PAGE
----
Companies Get Leeway on Use of Swaps by Subsidiaries

By Stephen Barlas
October 1, 2020

Nonfinancial companies that use derivatives to hedge risks with regards to such things as fuel, metal, and grain prices are beneficiaries of a new interim final rule from the Federal Deposit Insurance Corporation (FDIC).


The rule, which modifies a preexisting 2015 rule on swaps published by five federal banking agencies, gives new flexibility to “inter-affiliate” derivative swaps between subsidiaries funneled through a central corporate treasury. Those subsidiaries generally will no longer be required to hold a specific amount of initial margin for uncleared swaps with each other.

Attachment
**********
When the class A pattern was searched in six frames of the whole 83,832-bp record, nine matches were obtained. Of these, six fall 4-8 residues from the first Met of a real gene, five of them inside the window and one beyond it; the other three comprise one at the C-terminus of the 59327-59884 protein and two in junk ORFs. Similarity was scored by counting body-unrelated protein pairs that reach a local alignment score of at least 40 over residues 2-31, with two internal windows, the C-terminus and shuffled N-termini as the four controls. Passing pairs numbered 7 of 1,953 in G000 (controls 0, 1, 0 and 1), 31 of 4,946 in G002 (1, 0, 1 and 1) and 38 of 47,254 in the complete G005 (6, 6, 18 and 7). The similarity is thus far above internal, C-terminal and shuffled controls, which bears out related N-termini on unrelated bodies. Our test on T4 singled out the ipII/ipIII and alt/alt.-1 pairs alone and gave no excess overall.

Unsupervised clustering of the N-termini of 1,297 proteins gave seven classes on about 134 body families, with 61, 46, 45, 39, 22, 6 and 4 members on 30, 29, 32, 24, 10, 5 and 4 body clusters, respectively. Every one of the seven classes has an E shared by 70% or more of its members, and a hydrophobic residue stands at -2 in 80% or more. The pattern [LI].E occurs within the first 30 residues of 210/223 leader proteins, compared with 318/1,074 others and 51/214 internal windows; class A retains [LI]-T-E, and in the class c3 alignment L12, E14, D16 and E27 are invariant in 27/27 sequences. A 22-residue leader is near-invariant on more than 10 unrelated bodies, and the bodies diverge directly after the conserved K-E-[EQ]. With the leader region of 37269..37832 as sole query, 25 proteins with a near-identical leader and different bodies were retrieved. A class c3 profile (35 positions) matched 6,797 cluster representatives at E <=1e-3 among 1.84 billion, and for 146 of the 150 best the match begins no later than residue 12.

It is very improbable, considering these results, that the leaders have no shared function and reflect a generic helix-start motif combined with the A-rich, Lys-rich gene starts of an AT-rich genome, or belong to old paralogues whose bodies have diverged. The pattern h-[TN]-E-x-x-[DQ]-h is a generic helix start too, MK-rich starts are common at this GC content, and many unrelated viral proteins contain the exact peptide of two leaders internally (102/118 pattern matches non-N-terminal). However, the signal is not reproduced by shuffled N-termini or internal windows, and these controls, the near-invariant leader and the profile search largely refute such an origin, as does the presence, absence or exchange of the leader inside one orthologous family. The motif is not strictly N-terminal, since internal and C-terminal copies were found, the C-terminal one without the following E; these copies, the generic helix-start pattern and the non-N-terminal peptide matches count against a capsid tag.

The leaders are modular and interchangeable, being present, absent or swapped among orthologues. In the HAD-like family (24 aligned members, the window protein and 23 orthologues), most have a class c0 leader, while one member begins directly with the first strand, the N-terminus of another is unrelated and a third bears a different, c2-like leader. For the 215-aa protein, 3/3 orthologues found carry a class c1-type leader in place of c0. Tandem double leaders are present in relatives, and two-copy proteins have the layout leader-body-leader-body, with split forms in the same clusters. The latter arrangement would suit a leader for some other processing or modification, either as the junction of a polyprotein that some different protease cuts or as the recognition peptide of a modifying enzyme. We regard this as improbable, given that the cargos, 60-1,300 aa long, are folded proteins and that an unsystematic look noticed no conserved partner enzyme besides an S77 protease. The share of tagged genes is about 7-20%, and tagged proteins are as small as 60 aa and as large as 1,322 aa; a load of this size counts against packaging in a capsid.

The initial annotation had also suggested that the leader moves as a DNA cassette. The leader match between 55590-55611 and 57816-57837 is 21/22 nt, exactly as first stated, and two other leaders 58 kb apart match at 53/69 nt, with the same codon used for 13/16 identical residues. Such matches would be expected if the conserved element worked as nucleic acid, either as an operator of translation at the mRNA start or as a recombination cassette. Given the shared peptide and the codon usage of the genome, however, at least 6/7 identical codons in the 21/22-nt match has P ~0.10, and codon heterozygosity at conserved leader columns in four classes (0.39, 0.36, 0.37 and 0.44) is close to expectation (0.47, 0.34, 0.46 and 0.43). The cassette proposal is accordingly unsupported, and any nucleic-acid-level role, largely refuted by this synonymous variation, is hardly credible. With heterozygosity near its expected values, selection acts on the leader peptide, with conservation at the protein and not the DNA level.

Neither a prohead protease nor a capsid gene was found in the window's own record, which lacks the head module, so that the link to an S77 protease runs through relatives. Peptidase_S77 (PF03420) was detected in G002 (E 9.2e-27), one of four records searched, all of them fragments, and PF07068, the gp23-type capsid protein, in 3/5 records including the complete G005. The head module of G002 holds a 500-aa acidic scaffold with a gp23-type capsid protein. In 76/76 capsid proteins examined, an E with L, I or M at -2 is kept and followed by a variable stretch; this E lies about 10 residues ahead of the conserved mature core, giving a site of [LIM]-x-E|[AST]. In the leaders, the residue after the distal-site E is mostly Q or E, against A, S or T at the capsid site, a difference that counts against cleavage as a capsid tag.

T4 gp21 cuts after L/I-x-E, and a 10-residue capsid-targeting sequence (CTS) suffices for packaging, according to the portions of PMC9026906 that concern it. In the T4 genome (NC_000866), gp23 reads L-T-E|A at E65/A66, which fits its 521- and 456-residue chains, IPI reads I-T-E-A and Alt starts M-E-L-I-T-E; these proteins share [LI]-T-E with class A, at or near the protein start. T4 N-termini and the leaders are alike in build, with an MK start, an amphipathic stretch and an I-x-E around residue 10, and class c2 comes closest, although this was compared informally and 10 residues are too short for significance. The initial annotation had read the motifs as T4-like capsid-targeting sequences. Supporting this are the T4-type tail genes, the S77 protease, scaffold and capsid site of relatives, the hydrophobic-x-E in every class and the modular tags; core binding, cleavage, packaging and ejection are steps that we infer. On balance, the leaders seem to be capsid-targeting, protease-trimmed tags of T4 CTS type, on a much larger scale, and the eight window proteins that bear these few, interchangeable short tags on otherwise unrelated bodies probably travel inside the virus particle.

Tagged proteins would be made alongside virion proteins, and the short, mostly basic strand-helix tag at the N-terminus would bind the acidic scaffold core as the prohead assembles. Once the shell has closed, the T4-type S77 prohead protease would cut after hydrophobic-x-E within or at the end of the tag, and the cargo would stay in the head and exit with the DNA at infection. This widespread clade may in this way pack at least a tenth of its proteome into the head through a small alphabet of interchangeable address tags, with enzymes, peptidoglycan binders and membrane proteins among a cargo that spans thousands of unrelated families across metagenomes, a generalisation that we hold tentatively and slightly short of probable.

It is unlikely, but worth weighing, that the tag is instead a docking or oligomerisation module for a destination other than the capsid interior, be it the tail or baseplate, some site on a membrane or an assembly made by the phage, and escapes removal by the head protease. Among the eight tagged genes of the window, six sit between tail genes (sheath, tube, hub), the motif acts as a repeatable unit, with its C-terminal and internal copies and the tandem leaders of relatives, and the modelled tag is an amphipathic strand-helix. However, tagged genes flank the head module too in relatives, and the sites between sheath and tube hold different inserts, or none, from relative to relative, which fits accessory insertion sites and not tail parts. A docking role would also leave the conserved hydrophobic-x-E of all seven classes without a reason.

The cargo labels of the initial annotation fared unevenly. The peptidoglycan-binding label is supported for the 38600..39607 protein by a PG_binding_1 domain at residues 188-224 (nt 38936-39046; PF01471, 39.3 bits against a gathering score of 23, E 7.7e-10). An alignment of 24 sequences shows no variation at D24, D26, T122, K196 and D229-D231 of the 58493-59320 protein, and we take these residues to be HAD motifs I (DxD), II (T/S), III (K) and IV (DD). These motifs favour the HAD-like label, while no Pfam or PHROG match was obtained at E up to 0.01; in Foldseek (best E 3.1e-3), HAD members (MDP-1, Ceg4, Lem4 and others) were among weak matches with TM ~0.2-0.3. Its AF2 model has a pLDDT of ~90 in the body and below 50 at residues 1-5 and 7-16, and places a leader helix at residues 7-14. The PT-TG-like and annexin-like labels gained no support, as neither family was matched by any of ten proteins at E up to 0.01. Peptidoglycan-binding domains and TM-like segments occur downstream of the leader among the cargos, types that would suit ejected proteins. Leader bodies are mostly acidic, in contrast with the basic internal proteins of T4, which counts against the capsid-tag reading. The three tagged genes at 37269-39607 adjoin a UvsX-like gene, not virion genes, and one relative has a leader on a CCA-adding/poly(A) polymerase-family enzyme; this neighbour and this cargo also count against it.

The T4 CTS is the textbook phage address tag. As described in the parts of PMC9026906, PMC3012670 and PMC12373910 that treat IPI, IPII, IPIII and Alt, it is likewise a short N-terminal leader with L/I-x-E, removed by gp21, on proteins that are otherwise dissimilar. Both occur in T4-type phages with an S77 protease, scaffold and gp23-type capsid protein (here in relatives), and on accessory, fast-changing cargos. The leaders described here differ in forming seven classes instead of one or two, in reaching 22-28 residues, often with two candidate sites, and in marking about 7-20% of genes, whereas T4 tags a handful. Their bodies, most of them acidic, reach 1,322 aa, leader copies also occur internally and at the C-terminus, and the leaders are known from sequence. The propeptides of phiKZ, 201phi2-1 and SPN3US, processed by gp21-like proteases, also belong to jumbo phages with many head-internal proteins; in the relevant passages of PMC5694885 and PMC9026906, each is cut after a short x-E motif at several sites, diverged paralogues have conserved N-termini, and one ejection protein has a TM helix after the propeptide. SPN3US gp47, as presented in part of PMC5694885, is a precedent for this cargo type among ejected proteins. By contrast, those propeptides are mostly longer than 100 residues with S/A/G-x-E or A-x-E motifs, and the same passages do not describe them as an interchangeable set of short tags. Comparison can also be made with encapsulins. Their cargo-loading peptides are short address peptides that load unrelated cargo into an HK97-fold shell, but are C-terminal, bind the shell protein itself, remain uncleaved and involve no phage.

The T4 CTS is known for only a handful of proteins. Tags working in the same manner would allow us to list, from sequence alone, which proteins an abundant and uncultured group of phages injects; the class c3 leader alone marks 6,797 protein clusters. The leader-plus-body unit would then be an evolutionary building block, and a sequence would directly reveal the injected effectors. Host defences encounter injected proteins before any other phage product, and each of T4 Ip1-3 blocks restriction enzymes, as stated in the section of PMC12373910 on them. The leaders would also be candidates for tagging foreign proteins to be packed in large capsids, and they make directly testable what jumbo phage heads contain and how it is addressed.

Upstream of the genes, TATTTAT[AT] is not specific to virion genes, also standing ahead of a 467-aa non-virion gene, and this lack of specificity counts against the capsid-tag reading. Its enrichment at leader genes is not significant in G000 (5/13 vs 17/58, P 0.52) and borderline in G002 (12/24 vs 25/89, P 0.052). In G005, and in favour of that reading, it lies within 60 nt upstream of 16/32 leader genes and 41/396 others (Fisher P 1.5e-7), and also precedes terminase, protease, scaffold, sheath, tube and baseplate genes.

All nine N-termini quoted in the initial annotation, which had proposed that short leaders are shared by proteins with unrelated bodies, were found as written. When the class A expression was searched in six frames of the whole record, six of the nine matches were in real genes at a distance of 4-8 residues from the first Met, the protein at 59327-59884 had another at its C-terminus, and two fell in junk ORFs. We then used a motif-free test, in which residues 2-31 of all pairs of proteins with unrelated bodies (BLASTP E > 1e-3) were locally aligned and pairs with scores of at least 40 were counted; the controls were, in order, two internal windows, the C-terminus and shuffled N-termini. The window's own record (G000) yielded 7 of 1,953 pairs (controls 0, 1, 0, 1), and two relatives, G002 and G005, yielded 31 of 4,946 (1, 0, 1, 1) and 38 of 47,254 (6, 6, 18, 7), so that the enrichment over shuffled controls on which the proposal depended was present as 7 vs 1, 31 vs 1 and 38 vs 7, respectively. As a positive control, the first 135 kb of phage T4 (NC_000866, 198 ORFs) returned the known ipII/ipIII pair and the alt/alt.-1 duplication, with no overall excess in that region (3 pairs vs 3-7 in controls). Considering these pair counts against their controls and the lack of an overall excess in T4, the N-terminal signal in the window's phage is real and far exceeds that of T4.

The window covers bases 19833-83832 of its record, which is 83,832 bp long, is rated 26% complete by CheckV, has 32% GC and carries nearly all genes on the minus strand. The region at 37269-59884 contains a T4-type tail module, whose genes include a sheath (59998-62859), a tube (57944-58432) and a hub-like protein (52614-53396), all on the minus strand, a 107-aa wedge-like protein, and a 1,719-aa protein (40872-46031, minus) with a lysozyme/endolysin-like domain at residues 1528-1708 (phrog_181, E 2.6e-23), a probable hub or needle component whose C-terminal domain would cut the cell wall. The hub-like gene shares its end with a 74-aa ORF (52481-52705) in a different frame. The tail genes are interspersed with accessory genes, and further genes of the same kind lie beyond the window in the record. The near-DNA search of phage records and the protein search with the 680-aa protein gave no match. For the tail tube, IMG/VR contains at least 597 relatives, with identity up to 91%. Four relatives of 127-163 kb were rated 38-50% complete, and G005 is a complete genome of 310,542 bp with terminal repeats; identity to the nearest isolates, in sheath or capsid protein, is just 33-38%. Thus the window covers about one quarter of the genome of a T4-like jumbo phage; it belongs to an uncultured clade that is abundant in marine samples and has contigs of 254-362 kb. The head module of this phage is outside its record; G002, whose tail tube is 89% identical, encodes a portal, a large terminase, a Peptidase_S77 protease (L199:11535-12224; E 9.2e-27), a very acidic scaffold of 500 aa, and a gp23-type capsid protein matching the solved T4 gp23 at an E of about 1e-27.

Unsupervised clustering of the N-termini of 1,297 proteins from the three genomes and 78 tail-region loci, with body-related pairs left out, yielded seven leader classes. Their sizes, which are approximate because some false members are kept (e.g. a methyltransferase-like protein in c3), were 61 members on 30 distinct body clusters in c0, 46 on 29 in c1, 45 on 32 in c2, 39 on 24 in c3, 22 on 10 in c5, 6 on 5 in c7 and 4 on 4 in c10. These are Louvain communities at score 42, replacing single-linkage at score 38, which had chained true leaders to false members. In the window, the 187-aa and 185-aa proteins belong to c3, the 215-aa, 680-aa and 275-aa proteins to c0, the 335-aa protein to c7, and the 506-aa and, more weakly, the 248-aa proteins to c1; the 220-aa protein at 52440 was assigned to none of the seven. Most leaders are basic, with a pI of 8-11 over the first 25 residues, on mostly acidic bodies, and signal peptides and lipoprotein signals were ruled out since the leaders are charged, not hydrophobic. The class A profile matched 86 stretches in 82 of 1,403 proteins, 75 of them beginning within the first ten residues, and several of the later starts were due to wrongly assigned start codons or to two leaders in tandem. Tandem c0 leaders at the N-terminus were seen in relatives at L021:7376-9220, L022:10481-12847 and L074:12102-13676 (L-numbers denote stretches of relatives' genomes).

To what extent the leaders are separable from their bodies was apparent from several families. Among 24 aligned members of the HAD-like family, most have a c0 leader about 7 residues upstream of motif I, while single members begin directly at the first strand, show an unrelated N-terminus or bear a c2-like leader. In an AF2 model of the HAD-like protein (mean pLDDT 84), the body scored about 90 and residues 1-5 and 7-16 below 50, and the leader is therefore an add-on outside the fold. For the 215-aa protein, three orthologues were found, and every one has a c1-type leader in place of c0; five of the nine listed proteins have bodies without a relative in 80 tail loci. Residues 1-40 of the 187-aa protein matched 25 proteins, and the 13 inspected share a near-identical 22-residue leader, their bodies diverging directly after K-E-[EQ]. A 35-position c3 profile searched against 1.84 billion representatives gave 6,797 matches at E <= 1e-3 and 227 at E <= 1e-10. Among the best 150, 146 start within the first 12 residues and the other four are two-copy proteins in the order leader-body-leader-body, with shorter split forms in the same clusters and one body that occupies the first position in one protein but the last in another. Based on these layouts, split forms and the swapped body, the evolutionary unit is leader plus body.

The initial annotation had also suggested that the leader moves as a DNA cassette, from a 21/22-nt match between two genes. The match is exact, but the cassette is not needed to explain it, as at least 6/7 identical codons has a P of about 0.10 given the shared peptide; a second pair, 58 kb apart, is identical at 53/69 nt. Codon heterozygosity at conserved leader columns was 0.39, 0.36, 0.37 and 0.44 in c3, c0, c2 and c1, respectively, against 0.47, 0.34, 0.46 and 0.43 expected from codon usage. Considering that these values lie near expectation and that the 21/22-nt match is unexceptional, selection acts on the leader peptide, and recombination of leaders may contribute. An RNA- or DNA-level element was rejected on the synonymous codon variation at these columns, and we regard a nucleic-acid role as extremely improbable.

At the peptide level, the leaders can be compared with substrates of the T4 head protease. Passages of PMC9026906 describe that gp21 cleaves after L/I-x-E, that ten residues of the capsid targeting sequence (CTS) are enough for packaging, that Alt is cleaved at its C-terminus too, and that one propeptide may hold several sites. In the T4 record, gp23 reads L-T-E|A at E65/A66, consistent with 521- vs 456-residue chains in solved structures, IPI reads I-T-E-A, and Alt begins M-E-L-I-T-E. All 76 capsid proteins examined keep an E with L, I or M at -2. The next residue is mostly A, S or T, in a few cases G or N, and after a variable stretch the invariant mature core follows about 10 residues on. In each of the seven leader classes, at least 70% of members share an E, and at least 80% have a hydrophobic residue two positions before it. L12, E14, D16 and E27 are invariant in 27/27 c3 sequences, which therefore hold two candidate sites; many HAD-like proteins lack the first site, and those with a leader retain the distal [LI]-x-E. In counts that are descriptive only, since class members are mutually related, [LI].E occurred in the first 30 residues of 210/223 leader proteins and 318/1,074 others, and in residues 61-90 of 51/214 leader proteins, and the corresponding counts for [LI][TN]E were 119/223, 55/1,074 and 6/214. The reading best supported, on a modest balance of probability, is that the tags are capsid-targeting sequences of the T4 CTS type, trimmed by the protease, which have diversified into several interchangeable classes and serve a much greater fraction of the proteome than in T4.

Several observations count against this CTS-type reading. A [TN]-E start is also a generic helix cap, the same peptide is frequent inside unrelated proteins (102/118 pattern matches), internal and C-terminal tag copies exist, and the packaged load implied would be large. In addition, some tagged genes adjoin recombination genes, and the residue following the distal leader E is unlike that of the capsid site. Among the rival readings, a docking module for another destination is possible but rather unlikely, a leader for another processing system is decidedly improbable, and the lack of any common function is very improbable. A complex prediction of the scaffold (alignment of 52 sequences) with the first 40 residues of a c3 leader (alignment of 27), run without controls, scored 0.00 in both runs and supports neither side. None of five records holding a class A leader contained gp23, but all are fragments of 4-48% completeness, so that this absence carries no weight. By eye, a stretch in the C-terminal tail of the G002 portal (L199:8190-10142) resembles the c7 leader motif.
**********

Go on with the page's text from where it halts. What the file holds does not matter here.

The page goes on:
Inter-affiliate swaps typically are used for internal risk management purposes. They were a big issue for nonfinancial companies represented by The Coalition for Derivatives End Users—which included Financial Executives International and the National Association of Corporate Treasurers, among others—back when the various swap provisions of the Dodd-Frank Wall Street Reform and Consumer Protection Act were being considered by Congress and then finalized by federal banking agencies.


The FDIC change is expected to provide the biggest boost to financial institutions using derivatives and in doing so probably will help main street companies seeking financing. Rob Nichols, president and CEO of the American Bankers Association, said, “In total, the FDIC’s actions today will enhance credit availability and economic growth without compromising the important financial stability and resiliency gains we have made.”


Stephen Barlas has covered Washington, D.C., for trade and professional magazines since 1981 and since 1984 for Strategic Finance and its predecessor Management Accounting. You can reach him at sbarlas@verizon.net.
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